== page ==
« The Privacy of Criminal Records | Main | Defining terms and talkng past one another »

Monday, December 12, 2016

What's good for Exxon

Reports that Donald Trump wants to make ExxonMobil Chairman/CEO Rex Tillerson Secretary of State have many concerned that Tillerson is going to put the company's business interests ahead of those of the United States, particularly with respect to Russian incursions in Crimea, Ukraine, and perhaps ultimately, the Balkans.

In 1953, President Eisenhower nominated General Motors President Charles Wilson as Secretary of Defense. During his confirmation hearing, Wilson insisted that while he would put the interests of the United States above those of GM, he rejected the premise "because for years I thought what was good for our country was good for General Motors, and vice versa." In that less-globalized era, Wilson may have been correct--a thriving GM meant good jobs for its workers and cheap cars for Americans. The question is whether that remains remotely true in a globalized economy (as Daniel Gross notes in the Slate piece linked above, Exxon's presence in the U.S. is minimal and functions more as a corporate citizen of the world). Exxon's need/desire to do business in and with Russia likely conflicts with U.S. needs to stand up to Russian expansionism. And Exxon certainly would prefer that Russia not remain under U.S. sanctions.

Posted by Howard Wasserman on December 12, 2016 at 10:13 AM in Howard Wasserman, Law and Politics | Permalink

Comments

Charles Wlson came from an era where corporate executives just assumed that their employer had an obligation to do what was right for America, and that it was in America's interests for his employer to do well. The Adlai Stevenson liberals who were predominate in American academia back then (and who would now be on the right within most faculties) tsk tsked at what they saw as Babbitry.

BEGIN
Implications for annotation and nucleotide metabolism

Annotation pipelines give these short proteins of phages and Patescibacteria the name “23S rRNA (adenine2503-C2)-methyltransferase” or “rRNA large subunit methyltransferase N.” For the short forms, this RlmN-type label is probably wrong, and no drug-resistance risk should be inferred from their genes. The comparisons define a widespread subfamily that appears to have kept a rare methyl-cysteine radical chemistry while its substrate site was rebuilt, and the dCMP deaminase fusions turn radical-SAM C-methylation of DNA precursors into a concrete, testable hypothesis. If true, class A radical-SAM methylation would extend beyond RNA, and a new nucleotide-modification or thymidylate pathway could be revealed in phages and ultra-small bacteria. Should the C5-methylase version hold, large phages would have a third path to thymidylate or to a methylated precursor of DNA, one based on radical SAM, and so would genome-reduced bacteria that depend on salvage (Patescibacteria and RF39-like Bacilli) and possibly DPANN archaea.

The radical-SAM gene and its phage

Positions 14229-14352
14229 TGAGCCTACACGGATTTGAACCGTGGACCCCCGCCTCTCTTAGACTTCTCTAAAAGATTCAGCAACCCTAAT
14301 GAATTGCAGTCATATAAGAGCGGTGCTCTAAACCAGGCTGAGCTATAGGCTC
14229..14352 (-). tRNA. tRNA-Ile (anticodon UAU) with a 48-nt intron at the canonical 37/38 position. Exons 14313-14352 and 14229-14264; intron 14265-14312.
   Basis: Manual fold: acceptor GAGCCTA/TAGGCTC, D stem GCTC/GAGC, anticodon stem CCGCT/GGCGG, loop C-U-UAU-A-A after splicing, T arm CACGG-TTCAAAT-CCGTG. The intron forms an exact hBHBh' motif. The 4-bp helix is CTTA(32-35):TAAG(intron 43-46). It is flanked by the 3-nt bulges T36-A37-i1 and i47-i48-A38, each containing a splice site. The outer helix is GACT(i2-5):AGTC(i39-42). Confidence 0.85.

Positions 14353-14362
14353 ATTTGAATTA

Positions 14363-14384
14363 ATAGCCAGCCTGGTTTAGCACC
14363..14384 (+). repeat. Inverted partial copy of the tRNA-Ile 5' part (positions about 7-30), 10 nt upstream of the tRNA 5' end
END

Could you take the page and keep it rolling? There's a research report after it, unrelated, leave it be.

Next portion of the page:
Today the Bill Gates and Mark Zuckerbergs see themselves as world citizens. They most certainly want the American government to advocate on their company's behalf but feel no more obligation to their country and their fellow citizens than they do to their fellow residents of Washington and California. The cosmopolitan elites on university faculties share a similar outlook, albeit from a much lower net worth. Perhaps we should ponder whether the transformation of the elites from the provincials in the 1950s who ran our largest companies to what we have today has really been a change for the better.

Posted by: PaulB | Dec 12, 2016 6:37:20 PM

What goes for Silicon Valley kids from Harvard, i.e. Gates and Zuckerberg, might not equally apply to an engineer from rural Texas.

Posted by: Anon | Dec 13, 2016 10:15:49 AM

If we pick people who are successful in the private sector, they usually will have investment interests that could conflict with the public trust invested in them, but, being already wealthy, will require a high price before they are motivated to sell out. If we pick people who are not wealthy from the private sector, they won't have so many investment interests, and what they have can be managed in a blind trust, but a lower sell-out price will motivate them. Pick your poison on that score (or require a Catholic-style vow of poverty and see what kind of talent you get). Trump clearly is focusing on talent above all else, so we get apparent conflicts of the Tillerson sort, but then it is hard to imagine Trump or any of his billionaire's club whoring out for speaking fees the way the Clintons did; $250k is pocket change to these people.

Posted by: M. Rad. | Dec 18, 2016 11:35:05 PM

Post a comment